The company has also been forced to write off hundreds of millions of dollars for scrapped rail and port expansion projects in the West Pilbara and Queensland’s Galilee Basin.

New chairman Tim Poole, who replaced John Prescott in September, has been overhauling the group’s board, bringing in former AGL Energy CEO Michael Fraser and Macquarie banker Kate Vidgen.

Mr Poole has said he wants to bring in people who can adapt to “a rapidly changing business environment.”

Aurizon shares are up 1.5 per cent to $4.68.

Aurizon CEO Lance Hockridge is expected to be replaced by someone from outside the company. Aurizon CEO Lance Hockridge is expected to be replaced by someone from outside the company. Photo: Michele Mossop

money printing

Shares in Ooh Media have jumped close to 10 per cent after the company’s half-yearly results reassured investors. But today’s move is still shy of the 20 per cent wiped off the Ooh’s market cap yesterday after peer APN Outdoor’s profit report spooked shareholders.

The company said gross profit was up 40 per cent against the previous year’s half to $60.1 million. Six-month revenue was up 18 per cent year-on-year to $146.6 million.

Crucially, Ooh’s boss Brendon Cook reaffirmed the group’s guidance for EBITDA of between $68 and $72m for the full year.

oOh!media has reassured its investors by reaffirming earnings guidance. oOh!media has reassured its investors by reaffirming earnings guidance. Photo: Supplied Back to top


Lazard Asset Management portfolio manager Aaron Binsted believes a focus on valuation is going to be more critical than ever and says investors should get comfortable buying stocks with a lower dividend, or leaving it in cash until the price of a stock is right. 

“Investors need to be alive to the risk of overpaying for yield when strategies tout a premium to interest rates or a stockmarket as their main attraction. While simple rules can be attractive, they can at times be wrong,”  he told the AFR.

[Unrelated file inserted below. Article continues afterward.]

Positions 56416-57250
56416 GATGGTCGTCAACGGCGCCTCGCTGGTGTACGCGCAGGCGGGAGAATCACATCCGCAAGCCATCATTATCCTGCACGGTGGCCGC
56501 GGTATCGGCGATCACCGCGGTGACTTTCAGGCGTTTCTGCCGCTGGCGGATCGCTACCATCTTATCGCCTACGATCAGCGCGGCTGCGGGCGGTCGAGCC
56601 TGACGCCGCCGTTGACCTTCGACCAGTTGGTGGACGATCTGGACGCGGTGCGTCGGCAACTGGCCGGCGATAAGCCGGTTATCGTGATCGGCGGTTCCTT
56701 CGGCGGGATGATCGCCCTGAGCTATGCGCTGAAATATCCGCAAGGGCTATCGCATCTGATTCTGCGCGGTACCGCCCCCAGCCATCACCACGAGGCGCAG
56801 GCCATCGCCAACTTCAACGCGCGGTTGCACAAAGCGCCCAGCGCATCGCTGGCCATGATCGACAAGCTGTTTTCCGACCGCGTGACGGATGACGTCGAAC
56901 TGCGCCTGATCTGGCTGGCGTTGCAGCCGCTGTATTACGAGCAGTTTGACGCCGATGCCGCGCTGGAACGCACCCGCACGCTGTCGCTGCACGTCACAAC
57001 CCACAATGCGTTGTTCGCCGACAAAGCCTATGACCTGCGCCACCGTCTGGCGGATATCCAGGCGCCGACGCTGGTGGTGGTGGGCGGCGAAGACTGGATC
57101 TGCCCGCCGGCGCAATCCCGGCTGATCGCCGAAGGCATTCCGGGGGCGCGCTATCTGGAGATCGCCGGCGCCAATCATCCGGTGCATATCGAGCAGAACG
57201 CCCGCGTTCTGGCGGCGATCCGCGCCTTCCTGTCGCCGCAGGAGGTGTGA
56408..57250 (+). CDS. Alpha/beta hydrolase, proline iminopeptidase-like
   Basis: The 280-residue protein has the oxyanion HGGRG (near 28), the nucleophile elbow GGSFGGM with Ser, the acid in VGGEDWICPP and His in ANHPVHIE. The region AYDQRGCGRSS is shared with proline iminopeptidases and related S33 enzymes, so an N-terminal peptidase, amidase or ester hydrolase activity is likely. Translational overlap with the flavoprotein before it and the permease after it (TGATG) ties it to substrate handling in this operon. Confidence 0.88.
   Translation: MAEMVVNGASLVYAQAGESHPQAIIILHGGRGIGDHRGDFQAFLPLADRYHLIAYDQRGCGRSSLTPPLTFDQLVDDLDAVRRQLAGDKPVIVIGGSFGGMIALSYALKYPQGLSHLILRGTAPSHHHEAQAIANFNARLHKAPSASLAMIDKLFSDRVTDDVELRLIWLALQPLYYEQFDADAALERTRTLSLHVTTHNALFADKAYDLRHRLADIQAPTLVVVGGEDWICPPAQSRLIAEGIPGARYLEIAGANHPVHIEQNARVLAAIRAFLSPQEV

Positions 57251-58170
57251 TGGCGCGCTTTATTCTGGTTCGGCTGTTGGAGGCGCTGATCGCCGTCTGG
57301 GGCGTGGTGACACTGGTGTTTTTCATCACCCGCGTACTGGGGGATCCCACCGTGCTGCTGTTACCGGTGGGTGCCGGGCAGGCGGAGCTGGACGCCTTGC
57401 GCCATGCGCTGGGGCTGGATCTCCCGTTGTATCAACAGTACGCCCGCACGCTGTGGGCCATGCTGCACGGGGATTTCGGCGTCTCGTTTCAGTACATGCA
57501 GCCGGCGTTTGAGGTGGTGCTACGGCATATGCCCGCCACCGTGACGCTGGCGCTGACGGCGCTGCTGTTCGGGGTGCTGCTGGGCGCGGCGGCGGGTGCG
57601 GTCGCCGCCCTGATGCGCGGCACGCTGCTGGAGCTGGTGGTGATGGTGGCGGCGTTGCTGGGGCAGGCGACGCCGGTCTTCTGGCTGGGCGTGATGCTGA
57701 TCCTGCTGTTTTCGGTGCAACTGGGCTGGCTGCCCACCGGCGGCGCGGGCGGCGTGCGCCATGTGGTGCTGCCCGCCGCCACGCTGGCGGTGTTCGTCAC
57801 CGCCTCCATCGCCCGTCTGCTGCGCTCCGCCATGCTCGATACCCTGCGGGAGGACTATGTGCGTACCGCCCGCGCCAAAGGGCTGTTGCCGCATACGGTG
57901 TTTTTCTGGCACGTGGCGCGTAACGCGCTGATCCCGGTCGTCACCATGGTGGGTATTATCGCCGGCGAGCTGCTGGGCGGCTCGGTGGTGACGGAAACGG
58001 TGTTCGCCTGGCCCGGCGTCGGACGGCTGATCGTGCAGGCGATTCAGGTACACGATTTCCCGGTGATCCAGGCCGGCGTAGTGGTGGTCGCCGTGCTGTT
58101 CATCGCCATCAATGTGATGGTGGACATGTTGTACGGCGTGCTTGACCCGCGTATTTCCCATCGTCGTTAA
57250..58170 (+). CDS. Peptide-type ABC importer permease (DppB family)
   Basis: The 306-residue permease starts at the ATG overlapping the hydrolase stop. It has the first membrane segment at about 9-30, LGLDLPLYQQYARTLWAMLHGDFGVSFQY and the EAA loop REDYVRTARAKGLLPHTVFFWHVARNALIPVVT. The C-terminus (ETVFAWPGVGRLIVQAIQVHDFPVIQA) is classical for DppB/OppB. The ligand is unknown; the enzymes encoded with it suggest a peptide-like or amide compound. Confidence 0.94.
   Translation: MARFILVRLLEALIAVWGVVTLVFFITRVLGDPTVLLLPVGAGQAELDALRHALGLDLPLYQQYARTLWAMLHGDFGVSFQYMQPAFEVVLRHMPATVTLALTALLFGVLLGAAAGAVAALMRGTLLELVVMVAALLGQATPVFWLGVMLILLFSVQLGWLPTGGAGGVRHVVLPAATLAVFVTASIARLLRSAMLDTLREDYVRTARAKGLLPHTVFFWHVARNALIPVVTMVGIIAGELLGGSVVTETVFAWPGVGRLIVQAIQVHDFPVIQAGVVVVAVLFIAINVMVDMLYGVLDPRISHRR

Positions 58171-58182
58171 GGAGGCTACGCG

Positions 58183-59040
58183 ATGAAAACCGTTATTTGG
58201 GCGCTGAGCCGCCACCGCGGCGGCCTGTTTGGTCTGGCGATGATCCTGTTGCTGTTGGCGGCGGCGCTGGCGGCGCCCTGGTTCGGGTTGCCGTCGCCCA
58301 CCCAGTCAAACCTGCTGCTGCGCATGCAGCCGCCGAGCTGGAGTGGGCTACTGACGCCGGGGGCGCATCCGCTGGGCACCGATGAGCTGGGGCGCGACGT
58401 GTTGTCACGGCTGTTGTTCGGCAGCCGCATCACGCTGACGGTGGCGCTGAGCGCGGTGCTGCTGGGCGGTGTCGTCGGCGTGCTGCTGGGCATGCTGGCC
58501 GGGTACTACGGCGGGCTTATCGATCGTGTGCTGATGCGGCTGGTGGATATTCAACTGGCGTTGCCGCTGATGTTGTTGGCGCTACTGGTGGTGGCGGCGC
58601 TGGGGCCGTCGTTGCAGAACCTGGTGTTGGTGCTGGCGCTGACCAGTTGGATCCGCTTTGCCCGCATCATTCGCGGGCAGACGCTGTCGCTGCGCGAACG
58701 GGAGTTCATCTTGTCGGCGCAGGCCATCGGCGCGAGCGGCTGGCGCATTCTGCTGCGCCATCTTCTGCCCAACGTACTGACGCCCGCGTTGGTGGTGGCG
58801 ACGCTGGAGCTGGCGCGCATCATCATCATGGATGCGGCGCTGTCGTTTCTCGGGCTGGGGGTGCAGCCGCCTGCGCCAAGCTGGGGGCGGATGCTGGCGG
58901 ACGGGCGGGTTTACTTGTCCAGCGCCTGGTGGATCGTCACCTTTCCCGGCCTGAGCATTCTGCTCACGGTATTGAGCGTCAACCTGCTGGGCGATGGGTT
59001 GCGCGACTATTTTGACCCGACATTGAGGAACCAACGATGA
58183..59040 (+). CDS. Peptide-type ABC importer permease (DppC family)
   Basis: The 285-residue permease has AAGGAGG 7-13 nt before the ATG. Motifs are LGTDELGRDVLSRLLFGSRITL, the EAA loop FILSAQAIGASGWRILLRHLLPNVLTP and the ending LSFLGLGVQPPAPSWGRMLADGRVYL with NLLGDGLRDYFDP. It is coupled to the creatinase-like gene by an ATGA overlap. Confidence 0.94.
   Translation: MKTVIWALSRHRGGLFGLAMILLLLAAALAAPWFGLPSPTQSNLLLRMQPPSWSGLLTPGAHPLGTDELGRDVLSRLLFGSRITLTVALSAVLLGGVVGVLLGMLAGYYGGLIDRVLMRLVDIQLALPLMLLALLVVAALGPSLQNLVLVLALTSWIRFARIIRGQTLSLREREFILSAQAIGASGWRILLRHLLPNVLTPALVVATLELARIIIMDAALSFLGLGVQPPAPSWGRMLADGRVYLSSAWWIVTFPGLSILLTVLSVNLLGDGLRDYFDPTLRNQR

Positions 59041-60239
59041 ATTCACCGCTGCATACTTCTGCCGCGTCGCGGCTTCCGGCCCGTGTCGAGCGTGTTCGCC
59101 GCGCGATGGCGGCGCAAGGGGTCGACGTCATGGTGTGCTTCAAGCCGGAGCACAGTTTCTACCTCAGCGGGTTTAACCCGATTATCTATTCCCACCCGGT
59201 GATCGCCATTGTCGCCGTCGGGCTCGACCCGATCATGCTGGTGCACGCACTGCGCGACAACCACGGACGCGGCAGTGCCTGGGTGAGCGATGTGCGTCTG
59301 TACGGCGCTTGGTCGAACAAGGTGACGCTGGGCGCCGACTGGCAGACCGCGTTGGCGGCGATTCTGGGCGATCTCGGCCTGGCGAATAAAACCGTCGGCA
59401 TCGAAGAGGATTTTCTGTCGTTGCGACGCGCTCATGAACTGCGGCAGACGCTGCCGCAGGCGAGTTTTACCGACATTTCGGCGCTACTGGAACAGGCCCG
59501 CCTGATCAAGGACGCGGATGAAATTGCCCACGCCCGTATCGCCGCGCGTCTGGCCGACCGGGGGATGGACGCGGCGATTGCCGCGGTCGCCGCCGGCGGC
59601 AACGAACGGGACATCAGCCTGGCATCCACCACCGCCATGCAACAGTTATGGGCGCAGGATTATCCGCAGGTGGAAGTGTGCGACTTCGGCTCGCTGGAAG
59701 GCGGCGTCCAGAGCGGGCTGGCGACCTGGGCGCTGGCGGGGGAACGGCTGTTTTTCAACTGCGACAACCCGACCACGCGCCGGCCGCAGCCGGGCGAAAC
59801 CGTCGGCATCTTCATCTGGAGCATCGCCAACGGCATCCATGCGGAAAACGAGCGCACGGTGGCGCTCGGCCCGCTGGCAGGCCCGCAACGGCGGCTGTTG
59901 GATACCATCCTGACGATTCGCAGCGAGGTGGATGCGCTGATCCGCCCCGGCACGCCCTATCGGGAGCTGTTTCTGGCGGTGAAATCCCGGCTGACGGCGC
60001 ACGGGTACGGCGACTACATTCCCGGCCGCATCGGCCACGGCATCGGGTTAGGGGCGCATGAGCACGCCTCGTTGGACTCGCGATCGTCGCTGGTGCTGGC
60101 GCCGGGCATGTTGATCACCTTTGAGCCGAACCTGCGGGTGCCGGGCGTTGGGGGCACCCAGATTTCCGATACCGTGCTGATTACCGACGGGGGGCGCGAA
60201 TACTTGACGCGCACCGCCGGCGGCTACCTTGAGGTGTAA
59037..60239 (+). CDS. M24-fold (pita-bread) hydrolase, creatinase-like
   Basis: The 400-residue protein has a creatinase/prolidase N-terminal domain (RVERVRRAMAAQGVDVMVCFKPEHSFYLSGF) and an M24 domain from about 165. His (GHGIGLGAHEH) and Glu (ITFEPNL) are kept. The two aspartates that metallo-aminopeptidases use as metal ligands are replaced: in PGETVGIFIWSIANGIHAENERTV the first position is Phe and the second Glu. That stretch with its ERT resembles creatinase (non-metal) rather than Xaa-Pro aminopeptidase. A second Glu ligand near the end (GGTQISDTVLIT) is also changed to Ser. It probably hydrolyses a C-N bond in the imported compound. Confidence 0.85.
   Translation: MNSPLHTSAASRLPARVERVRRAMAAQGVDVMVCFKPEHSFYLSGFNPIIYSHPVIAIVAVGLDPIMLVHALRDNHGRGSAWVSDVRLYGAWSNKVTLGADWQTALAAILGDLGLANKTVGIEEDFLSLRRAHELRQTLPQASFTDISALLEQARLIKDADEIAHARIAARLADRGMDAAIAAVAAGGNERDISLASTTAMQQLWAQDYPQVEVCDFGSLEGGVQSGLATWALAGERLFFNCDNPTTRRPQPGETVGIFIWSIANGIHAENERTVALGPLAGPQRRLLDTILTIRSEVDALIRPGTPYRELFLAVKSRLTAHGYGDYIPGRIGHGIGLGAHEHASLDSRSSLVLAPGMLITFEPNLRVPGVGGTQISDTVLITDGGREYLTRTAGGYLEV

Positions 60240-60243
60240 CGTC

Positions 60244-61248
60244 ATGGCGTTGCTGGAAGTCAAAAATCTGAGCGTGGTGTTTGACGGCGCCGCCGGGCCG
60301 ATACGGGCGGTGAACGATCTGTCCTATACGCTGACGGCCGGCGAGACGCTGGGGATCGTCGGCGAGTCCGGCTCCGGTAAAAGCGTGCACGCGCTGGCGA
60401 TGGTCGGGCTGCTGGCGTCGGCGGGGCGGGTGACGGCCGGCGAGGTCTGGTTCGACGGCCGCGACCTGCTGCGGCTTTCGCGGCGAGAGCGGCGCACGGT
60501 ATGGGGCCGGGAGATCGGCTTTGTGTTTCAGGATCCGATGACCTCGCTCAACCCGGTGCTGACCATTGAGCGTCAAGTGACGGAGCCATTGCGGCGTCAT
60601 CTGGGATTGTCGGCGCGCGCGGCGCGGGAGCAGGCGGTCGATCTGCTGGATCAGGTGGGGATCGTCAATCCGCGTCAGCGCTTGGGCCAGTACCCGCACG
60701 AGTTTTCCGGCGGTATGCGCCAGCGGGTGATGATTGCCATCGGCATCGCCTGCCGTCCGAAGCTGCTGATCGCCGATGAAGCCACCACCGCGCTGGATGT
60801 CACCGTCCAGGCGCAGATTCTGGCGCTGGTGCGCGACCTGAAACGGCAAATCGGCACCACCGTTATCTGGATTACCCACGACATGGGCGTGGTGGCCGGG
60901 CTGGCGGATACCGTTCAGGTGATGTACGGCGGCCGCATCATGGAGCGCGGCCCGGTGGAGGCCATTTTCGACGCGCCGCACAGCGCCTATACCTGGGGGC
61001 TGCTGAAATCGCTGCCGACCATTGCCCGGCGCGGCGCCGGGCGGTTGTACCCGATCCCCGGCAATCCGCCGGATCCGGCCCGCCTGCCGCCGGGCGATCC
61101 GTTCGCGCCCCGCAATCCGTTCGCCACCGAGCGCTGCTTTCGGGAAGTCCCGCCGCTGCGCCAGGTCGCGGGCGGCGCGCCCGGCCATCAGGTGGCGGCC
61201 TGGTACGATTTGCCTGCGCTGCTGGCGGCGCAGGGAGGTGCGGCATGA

Here are three stocks that fit the dividend bill for Lazard:

Suncorp, that trades on a grossed up dividend yield of 7.56 per cent, according to Bloomberg, Woodside Petroleum that trades on a yield of 7.36 per cent, and Sky City Casino that offers investors a 4 per cent yield.

All three have reported their latest earnings.

  1. Suncorp said it had taken out a new reinsurance policy.  The company has paid out more than $1 billion in claims from “natural hazard” events, such as storms and bushfires, in the financial year ended June 30, 2016 but has also entered into an agreement with Challenger to sell annuities.
  2. Woodside is still on the hunt for acquisitions or acquisitions after the oil and gas player’s recent $US430 million deal in Senegal, and last week declared a first-half dividend of US34¢ per share, down from US66¢ a year earlier.
  3. Trading conditions at Skycity Entertainment’s Australian casinos are tipped to remain soft, although the casino operator posted record revenue and profit figures after a stellar performance from its New Zealand business.

Aaron Binsted from Lazard Asset Management says be careful paying up for high dividend stocks Aaron Binsted from Lazard Asset Management says be careful paying up for high dividend stocks Photo: Jessica Hromas

Healthscope says its hospital expansion program remains on track with 10 projects under construction across Australia, as the private healthcare firm posts a 18.9 per cent jump in annual profit.